This paper brings up potential land use rights in terms of transactions. The paper aims at promoting discussions and more studies in the land transaction aspect of the land tenure system of the country. Doing so would help to encourage good practices and to indicate areas requiring improvements. Key words: legal instrument, public property, land use right, transaction, tenure security.
USAID's Livestock Market Development project is designed to improve the incomes and nutritional status of Ethiopian farmers and other stakeholders along the livestock value chain. Key goals include increasing productivity and competitiveness of selected livestock value chains, and spurring investment and innovation all in an environmentally and economically sustainable way. This report explores market opportunities, Ethiopian competitiveness, and recommendations for Ethiopian export development in selected export markets for live animals and livestock products including meat, leather and leather products. All of these products are derived from cattle, goats and sheep endemic to Ethiopia.
Livestock Market Development: Five Year Strategy [PDF, 1 MB]
This document describes the Livestock Market Development (LMD) project's strategy to support the improvement of Ethiopia's livestock industry. It includes strategies for the three LMD value chains: Meat and Live Animals; Hides, Skins and Leather; and Dairy Products.
USAID prepared separate value chain analyses for Meat and Live Animals; Hides, Skins and Leather; and Dairy products. Each Value Chain Analysis (VCA) has been prepared as a stand-alone document. There are numerous linkages amongst the value chains, and these are discussed. The VCAs describe and analyze the market factors, value chain performance against key metrics, product flow, core actors and their transactional and collaborative relationships, incentives for investment, inputs and services, other supporting actors, enabling environment, and gender concerns. Main findings are summarized in terms of barriers to value chain competitiveness and possible responses.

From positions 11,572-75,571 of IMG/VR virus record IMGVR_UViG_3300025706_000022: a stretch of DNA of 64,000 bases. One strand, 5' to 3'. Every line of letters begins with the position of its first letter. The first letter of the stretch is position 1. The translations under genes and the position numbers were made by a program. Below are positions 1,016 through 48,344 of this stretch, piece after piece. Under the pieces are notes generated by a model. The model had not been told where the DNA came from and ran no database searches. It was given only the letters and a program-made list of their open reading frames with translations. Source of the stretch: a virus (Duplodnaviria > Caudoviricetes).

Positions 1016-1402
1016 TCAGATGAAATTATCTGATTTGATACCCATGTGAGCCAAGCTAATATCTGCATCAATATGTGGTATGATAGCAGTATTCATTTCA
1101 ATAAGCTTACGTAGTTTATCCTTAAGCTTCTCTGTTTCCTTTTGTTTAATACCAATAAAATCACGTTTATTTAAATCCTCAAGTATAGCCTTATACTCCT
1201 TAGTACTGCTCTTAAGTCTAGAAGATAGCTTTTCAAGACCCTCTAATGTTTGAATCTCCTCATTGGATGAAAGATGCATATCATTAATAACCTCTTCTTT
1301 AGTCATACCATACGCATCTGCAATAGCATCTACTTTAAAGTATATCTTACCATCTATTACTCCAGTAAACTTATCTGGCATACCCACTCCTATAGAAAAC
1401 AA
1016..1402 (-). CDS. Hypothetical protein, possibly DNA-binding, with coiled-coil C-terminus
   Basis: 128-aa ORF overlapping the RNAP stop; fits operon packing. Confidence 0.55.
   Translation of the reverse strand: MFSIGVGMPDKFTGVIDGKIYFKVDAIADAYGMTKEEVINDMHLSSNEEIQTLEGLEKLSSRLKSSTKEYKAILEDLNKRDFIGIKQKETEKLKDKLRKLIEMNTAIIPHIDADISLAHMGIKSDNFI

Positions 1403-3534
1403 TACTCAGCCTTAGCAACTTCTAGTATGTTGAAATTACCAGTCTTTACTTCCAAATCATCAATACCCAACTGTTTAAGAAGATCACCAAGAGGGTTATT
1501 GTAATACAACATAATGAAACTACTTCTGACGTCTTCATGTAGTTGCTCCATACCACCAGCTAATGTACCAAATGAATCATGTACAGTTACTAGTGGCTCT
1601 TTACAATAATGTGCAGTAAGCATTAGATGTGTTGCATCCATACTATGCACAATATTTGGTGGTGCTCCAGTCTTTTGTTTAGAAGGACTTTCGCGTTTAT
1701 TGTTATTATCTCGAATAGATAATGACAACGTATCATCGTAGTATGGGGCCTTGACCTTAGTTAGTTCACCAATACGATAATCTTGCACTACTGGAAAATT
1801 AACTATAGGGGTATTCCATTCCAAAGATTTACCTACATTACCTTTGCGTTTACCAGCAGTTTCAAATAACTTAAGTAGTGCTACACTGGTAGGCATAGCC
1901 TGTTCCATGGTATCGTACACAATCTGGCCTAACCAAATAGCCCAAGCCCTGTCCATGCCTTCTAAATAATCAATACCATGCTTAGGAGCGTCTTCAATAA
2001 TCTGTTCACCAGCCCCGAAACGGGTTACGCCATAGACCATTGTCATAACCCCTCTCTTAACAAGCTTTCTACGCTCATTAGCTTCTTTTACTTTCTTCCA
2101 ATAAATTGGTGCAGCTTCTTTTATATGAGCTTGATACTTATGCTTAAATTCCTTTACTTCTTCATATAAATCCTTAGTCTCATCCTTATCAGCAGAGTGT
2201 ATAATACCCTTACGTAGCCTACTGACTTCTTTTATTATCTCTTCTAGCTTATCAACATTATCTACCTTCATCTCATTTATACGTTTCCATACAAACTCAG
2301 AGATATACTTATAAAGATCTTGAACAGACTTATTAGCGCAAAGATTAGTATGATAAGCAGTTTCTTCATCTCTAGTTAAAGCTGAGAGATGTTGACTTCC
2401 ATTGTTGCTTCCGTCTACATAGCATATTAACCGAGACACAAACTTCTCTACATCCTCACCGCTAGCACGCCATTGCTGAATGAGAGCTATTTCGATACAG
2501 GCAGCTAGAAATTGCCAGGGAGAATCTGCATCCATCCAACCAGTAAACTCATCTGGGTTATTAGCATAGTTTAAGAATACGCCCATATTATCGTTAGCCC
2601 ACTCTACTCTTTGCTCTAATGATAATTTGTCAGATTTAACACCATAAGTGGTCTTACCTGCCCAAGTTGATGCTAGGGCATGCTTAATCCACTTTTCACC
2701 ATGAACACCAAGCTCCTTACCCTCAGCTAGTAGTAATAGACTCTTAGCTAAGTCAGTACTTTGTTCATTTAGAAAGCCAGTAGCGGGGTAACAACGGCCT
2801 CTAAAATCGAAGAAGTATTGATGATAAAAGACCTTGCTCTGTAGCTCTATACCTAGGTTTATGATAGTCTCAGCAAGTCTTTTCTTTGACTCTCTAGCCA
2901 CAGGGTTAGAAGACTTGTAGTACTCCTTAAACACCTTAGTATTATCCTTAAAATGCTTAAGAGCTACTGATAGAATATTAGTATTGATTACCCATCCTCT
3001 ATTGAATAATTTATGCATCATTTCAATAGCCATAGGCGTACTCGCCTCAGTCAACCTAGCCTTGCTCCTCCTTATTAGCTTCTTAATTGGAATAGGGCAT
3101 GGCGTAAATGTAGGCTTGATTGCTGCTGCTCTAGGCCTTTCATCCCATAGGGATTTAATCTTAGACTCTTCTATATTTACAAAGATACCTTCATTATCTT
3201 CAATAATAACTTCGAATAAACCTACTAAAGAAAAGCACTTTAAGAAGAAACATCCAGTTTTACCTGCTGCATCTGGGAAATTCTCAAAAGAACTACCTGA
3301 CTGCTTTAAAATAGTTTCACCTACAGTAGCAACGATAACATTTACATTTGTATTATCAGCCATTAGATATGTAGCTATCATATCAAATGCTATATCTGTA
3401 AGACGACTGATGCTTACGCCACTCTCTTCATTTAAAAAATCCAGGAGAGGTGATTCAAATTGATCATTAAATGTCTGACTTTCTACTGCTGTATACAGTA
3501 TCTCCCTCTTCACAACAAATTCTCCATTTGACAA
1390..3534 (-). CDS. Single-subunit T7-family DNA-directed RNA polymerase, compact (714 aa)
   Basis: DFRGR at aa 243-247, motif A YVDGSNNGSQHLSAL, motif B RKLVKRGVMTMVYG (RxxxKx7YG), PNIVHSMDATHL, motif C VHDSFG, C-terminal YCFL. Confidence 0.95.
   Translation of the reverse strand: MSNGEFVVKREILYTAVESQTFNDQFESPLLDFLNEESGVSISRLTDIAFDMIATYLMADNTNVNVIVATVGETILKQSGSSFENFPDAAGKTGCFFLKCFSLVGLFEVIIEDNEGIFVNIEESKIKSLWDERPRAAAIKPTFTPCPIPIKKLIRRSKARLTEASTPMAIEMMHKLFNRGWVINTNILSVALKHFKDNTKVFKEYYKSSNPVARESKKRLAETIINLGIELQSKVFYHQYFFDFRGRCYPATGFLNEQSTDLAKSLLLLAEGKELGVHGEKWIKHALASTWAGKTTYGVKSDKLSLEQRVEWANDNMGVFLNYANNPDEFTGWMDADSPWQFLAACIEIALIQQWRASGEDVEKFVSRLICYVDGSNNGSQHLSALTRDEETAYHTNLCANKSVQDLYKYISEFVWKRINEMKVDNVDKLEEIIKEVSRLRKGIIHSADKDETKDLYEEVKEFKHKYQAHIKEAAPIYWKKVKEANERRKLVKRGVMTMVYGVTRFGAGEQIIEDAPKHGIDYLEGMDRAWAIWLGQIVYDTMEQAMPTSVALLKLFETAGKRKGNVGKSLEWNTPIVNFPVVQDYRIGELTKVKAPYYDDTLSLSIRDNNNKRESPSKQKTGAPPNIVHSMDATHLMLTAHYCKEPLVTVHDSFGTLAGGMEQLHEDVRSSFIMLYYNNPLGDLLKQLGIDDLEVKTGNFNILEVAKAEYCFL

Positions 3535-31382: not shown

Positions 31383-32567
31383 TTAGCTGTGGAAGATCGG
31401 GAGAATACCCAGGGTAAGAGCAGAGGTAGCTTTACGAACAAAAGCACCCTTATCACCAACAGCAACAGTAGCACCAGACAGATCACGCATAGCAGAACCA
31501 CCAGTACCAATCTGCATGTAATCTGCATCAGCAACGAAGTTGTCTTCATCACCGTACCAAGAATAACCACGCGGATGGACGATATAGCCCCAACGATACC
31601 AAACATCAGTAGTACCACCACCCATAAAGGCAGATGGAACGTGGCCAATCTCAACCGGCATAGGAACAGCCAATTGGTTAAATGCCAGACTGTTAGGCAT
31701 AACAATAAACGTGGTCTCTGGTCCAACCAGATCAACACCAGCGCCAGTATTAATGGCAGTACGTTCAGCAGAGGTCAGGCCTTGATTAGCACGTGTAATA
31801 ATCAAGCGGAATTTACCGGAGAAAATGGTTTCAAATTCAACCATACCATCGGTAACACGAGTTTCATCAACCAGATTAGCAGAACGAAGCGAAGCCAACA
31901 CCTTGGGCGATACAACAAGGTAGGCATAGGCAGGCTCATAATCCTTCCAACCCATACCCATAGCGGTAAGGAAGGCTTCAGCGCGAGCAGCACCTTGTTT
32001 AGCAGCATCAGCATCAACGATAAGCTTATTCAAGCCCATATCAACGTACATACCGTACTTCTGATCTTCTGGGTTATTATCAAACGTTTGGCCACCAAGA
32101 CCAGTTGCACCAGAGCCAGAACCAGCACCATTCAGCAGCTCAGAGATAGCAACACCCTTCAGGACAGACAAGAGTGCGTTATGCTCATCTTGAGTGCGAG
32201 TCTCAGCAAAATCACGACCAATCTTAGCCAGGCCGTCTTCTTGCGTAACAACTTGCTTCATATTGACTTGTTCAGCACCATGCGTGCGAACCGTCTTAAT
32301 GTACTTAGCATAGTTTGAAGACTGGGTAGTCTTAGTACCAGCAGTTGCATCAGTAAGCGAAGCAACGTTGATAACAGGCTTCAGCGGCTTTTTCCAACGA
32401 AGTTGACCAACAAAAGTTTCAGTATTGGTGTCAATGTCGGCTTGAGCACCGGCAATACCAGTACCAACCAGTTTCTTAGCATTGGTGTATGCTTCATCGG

Lifting Livelihoods with Livestock [PDF, 3 MB]
A review of REST’s livestock value addition practices in Raya Azebo, Ethiopia and potentials for diversification by Yacob Aklilu. From November 2011.
Milk Matters: The Impact of Dry Season Livestock Support on Milk Supply and Child Nutrition in Somali Region, Ethiopia [PDF, 3 MB]
This report covers two cohort studies designed to assess the impact of community-defined livestock interventions on the nutritional status of young children over the dry season in the Somali Region of Ethiopia. Where the international response to malnutrition has typically been reactionary in these areas, with the provision of a food basket and establishment of selective feeding as acute malnutrition rises, this study aimed to reveal the potential cost savings, both short and long term, economic and social, of a more preventative approach.
Ethiopia is a country of contrasts. Some regions produce food surpluses each year, while others face chronic food insecurity. Recognizing the central role of agriculture in the economic development of the country, USAID’s Feed the Future (FtF) Strategy addresses Ethiopia’s strengths and opportunities across its regions, with a particular focus on productive areas that have previously received little investment..
The Next Stage in Dairy Development for Ethiopia [PDF, 1.81 MB]
This study takes a value chain approach to identify the constraints, opportunities, interventions and possible impact for the dairy sub-sector from input supply to final consumption of milk and milk products. The report identifies areas where USAID/Ethiopia funds can be leveraged to gain maximum impact for the largest number of beneficiaries.